Pension Entitlement for Maritime Agency Workers

My Ref: MRP 23/1 21st November 2018

Circular Num: NP/251/18

To: The Secretary All Shipping Branches & Regional Councils

Dear colleagues,

Pension Entitlement for Maritime Agency Workers

It has been brought to the RMT’s attention that some of our members who are employed on agency contracts while working for shipping companies are not being auto enrolled into a workplace pension schemes as specified under UK legislation.

As a result the RMT requested legal advice in respect of how this union can ensure that our members are treated fairly and that agency employers honour their statutory obligations by offering or enrolling their employees into a workplace pension scheme.

Having received the legal advice the National Executive Committee on 15th November 2018 noted and adopted the following report:

“We note the legal advice on file and instruct the General Secretary to carryout the actions contained within the advice.

Further Shipping Branches and Regional Councils should bring this advice to the attention of members who are not being auto enrolled so that the RMT are able to take action where necessary in ensuring members have access to a occupational pension scheme in line with auto enrolment legislation.

Branches and Regional Councils to be advised.”

It is clear from the information we have received that there are agencies and shipping companies which are not meeting their statutory obligation when it comes to the ability of our members to begin saving for their retirement.

To assist Shipping Branches and our representatives when it comes to identifying members who are not being auto-enrolled please find below an outline of the legal advice we have received:

Statutory obligation

The UK statutory legislation in respect of auto-enrolment is contained in the Pensions Act 2008. The Act says that the auto-enrolment requirements also apply to workers who work on a ship or otherwise. However, to qualify any worker on a ship or otherwise must work or ordinarily work in Great Britain i.e. England, Scotland, Wales, including the surrounding 12 nautical miles of territorial waters.

Where a seafarer works could be a difficult factual question, but fortunately there is a previous High Court decision which deals with this issue for the purposes of the auto-enrolment legislation. The case concerned seafarers employed by a Bermuda company to work on Bermuda-registered ships owned by Carnival (trading under the names P&O Cruises and Cunard). They worked the majority of their time outside UK territorial waters. The court held that the decisive factor was where the seafarers were based, and the base is decided by the place whether their tour of duty:

A seafarer should be treated as ordinarily working in Great Britain during any period when the seafarer is working from a base situated in Great Britain even if the ship on which the seafarer works spends most of its time outside Great Britain so that the majority of the seafarer’s work is performed outside Great Britain.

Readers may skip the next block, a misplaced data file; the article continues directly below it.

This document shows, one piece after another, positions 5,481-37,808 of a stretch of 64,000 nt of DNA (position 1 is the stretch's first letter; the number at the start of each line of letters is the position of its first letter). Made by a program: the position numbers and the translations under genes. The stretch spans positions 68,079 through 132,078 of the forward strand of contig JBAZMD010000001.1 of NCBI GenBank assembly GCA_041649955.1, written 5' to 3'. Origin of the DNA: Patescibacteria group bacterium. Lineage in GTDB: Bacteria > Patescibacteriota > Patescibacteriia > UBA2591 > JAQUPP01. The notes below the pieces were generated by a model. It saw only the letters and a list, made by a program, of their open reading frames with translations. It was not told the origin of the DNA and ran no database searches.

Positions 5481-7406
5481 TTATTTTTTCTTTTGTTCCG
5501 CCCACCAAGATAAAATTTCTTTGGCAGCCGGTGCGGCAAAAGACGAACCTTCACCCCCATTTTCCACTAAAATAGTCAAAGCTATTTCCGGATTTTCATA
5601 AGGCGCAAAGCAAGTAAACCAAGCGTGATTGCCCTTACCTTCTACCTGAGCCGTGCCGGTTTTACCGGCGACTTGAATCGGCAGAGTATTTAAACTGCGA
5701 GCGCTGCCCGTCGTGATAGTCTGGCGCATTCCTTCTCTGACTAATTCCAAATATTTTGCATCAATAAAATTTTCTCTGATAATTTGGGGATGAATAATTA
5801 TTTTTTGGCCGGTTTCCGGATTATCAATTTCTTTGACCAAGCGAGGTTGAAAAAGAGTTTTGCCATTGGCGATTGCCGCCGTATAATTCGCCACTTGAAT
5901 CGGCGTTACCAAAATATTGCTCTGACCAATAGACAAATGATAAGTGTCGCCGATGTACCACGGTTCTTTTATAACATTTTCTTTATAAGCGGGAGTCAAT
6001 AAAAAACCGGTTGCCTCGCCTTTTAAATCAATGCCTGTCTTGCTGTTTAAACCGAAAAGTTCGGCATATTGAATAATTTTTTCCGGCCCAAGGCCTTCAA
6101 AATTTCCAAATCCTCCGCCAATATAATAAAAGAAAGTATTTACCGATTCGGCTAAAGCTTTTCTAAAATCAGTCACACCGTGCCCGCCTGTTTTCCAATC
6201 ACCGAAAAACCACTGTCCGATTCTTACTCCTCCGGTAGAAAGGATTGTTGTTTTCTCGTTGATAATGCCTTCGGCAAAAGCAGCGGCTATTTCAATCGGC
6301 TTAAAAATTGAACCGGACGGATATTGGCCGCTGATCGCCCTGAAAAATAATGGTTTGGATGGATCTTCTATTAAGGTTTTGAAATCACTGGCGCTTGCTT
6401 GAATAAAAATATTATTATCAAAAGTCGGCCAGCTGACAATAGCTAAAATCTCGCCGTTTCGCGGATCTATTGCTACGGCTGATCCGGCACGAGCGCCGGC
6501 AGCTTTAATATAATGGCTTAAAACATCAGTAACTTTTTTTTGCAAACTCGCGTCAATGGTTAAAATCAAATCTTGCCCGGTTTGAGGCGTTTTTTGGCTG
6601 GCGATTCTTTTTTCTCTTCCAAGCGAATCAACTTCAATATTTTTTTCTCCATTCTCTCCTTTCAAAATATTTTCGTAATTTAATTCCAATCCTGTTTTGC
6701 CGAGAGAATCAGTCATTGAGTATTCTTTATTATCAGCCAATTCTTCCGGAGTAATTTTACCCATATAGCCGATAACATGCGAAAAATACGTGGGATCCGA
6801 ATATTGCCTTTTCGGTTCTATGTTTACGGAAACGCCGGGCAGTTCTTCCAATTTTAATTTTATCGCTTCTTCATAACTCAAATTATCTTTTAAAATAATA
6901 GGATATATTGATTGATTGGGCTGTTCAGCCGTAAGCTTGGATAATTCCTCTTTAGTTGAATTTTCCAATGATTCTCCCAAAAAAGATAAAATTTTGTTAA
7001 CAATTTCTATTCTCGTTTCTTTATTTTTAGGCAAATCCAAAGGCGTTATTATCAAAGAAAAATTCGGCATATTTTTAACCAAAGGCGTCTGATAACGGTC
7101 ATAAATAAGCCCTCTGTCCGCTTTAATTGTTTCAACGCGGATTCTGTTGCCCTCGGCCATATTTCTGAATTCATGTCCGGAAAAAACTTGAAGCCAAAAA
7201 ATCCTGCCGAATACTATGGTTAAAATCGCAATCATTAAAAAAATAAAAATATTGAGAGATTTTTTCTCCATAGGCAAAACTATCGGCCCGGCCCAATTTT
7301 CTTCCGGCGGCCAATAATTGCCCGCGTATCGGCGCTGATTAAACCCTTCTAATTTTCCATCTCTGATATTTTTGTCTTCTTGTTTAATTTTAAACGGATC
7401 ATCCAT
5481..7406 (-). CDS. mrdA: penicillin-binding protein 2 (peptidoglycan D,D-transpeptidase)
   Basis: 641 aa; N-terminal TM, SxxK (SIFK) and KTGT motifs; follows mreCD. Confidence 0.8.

A seafarer who lives in Great Britain and whose tours of duty habitually begin and end at a port in Great Britain should be treated as based in Great Britain and therefore as a worker who ordinarily works in Great Britain.

A seafarer who lives in Great Britain but who works on a ship which spends all or most of its time outside Great Britain and whose tours of duty do not habitually begin and end in Great Britain should not be regarded as based in Great Britain or as a worker who ordinarily works in Great Britain.

What is earnings threshold?

The fact that a members pay could be made up of basic pay and allowances does not matter when it comes to auto-enrolment.

The thresholds for auto- enrolment apply to all earnings which are defined as salary, wages, commission, bonuses, duty rate and overtime. If an employee earns the equivalent of £192 or more per week they must be auto-enrolled. If they earn less than £192 but more than £116 per week the member has the right to join the employers pension scheme i.e. opt-in, and the employer would also have to contribute.

Whose obligation is it to auto-enrol?

If the member is employed by an agency then it is the agency who is obligated to auto-enrol. If the individual spends most of their time working for another employer this will not detract from the fact that they are employed by an agency. Therefore the obligation falls on the agency.


Enforcement lies in the hands of the Pensions Regulator. However, we are advised that the relevant employer should be first approached. If the employer will not auto-enrol the member(s) then the Pensions Regulator should be contacted.

I would request that you would bring the contents of this advice to the attention of representatives and members. If you require any assistance you should contact the RMT Pensions Officer Paul Norris on 020 7529 8806 or at

I will keep you advised of developments.

Yours sincerely,


Mick Cash
General Secretary